The idea of an athlete insuring his or her body is not new. We’ve all heard stories of young, extremely promising athletes taking out policies to insure valuable knees, ankles and pitching arms. It makes perfect sense. Take Andrew Luck -- he clearly had a winning lottery ticket last year to make at least 40 million dollars in the NFL draft but chose to return to college, where he earned exactly zero dollars playing football, despite the merits of a Stanford education.

But while most of us know that athletes sometimes go to great lengths to insure themselves, few dig deeper to examine what the policies look like. So we decided to whip out the magnifying glass and look at how athlete insurance works on both the college and professional levels.

Protection for the College Stars

There are few things more tragic in sports than an athlete getting seriously hurt right before getting financially rewarded for his or her talents. There also few things more insidious on college campuses than the presence of sports agents hoping to (illegally) procure the exclusive representation rights to a star athlete.

To mitigate these forces, the NCAA has done a nice job creating the somewhat dubiously named Exceptional Student-Athlete Disability Insurance program, which started in 1990 but only recently expanded to sports beyond football and now is available to both male and female athletes.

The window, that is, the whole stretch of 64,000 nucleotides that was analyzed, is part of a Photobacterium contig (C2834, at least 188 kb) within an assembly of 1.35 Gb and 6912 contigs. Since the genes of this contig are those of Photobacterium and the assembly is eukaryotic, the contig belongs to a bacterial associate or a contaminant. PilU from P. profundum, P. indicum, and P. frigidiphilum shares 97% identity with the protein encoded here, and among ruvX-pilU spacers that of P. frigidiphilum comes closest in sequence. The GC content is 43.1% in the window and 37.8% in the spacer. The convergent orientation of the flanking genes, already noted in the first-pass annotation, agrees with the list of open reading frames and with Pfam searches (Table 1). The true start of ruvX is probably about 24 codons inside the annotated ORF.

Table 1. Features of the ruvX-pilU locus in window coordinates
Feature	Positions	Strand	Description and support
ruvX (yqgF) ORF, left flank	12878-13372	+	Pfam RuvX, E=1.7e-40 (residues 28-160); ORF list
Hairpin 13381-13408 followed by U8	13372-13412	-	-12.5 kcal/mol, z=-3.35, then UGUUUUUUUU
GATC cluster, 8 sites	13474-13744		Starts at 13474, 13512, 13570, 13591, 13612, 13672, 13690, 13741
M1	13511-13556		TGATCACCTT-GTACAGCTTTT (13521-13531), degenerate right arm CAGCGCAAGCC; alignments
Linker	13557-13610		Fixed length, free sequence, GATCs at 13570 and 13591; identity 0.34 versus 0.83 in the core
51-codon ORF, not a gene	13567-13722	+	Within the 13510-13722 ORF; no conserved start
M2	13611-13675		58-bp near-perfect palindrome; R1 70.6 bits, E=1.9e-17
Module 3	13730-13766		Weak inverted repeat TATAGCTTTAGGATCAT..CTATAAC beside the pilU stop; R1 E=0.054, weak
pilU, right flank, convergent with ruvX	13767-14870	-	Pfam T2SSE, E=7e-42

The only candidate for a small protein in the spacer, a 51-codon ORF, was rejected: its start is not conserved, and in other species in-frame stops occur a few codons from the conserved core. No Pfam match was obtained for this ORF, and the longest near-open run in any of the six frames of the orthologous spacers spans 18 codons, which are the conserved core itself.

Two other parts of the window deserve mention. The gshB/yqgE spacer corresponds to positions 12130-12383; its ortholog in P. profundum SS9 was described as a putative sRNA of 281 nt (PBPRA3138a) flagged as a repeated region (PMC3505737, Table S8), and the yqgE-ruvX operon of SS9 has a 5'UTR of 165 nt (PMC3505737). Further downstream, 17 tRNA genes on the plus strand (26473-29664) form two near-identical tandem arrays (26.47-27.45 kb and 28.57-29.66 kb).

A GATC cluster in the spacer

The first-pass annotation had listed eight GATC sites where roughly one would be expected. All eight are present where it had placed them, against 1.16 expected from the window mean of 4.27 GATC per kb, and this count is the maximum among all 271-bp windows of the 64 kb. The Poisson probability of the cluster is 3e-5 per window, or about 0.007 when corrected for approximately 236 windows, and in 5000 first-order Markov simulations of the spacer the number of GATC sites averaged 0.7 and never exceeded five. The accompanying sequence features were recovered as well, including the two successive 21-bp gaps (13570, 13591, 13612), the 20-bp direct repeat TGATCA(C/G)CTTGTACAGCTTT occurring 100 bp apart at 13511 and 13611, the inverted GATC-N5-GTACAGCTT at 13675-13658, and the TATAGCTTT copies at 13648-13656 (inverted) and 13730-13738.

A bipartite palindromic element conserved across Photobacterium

The policy offerings are tiered to protect the athletes with the most financial revenue to lose. A little more than 100 athletes buy into the program each year, the large majority of which are football players (which is also of course the most dangerous sport).

Additionally, it’s perfectly legal for a student athlete to take out an insurance policy with a private insurer. These can be pricier and riskier (lots of scams out there, especially around campuses), but in the great majority of cases a private agent can be extremely helpful, and even provide financial advice above and beyond insurance. Private policies tend to be more expensive than policies from the NCAA, but factored into that price is the guidance private insurance shared.

What the Professionals Do

All of the major sports teams provide health insurance coverage to their players. This relationship is really no different than a traditional employer/employee relationship in which a group policy is taken out by the owners. There was some posturing during the both the NFL and NBA lockouts this year, as players were forced to go on COBRA and make their own payments, but again that is pretty normal for a labor dispute.

Professional athletes also take out supplementary policies, often to protect their body parts that contribute significantly to their personal brands. The most recent example is Troy Polamalu of the Pittsburgh Steelers, who is instantly recognizable to most Americans by his long -- some say beautiful -- locks of hair. According to Yahoo! Sports, the Pro-Bowl cornerback recently took out $1 million policy protecting his hair, i.e. his most valuable marketing asset.

The problem with policies such as these, usually from Lloyd’s of London, is that they can often be publicity stunts. In other words yes, Jennifer Lopez probably really did insure her bum, but maybe for not much more than a few dollars a month; the monthly payments are nominal in comparison for the press such an announcement brings both to the entertainer and the insurance brokerage.

In the end, on the health care front, athlete insurance is not much different from the insurance you or I receive from our employer. Like us, professional athletes are also interested in protecting their assets, which frequently include their bread-winning body parts, and for those products they often to turn unique policies with private insurers that cater to their specific needs.

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